Government is broke and is not in a position to offer huge wage increments that public service workers are demanding.
This is according to the Technical Adviser at the Ministry Dr. Samuel Nii Noi Ashong.
At a discussion of the 2021 budget statement, he warned that the new dry spell will last till 2024, advising public sector workers to tighten their belts and abandon any fantasies of huge wage increments.
“If you look at the Budget, Covid-19 is not expected to abate until the end of 2023 and we’re all looking to be tightening our belts for a while and people should not be expecting huge wage increases in the course of the next few years. This is because we don’t have money to pay for it,” the former deputy Finance Minister stated.
“You’ll realise that between wages and compensations for employees and unencumbered domestic revenues. If you net up all the mandated transfers which are required by law, talk of GETFund transfers, National Health Insurance, District Assemblies Common Fund (DACF), the rest which is left is not enough to pay for wages and salaries, goods and service, social intervention programmes, that portion alone is not enough to pay for even wages and salaries,” he said.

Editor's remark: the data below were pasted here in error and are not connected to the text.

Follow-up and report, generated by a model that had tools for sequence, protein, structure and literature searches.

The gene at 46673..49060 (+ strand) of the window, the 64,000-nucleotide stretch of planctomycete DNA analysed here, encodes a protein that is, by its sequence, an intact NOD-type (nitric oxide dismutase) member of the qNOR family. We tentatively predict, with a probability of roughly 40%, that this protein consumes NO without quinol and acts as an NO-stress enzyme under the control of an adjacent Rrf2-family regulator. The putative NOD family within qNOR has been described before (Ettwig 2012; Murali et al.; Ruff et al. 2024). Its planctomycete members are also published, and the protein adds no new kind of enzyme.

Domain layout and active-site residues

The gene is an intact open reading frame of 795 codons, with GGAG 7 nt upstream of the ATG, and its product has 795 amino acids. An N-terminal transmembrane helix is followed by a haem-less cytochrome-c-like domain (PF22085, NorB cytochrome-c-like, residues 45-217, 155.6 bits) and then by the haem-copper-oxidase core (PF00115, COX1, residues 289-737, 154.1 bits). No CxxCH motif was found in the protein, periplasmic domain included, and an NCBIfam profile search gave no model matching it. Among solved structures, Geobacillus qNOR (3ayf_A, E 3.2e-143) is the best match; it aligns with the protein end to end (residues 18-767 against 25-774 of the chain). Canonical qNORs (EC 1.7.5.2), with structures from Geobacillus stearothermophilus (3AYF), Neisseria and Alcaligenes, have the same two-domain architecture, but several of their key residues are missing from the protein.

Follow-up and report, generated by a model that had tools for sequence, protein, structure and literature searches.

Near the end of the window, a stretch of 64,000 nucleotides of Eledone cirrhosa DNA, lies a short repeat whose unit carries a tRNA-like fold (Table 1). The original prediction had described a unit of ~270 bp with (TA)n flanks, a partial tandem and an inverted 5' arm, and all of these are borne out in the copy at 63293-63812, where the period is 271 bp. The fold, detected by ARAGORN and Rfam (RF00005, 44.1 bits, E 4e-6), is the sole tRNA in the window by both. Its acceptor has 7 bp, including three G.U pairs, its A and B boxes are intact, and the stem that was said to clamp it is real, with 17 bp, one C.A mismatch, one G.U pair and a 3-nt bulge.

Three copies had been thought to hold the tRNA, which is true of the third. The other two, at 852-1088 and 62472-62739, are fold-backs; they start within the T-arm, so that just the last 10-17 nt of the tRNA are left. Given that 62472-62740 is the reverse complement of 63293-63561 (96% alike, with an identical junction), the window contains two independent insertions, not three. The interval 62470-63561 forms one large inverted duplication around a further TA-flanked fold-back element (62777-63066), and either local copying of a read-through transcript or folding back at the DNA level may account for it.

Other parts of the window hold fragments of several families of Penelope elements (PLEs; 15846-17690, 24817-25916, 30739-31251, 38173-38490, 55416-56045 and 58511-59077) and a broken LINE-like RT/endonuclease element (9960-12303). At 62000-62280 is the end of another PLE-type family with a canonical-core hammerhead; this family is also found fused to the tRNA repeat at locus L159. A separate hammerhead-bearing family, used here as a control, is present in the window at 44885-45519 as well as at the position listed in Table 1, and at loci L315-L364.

The harsh truth is coming just days after the Public Service Workers Union (PSWU) of the Trades Union Congress (TUC) served notice to the government that it will be expecting a new minimum wage that is better than what was handed out by the government last year.
A 10th March letter which was signed by General Secretary of the PSWU, Bernard Adjei, communicated a resolution that the PSWU’s National Executive Council (NEC) had passed on the 4th of March at a meeting held in Kumasi.
The resolution had demanded that the salary component of the national budget statement be negotiated and concluded by the Public Service Joint Negotiation Committee (PSJNC) before the budget is presented to Parliament.
However, when the budget was presented by caretaker Finance Minister, Osei Kyei Mensah Bonsu, the government announced the bad news that the country is broke, attributing the state of affairs to COVID-19, government used it to justify a raft of new taxes and levies, including a COVID-19 levy.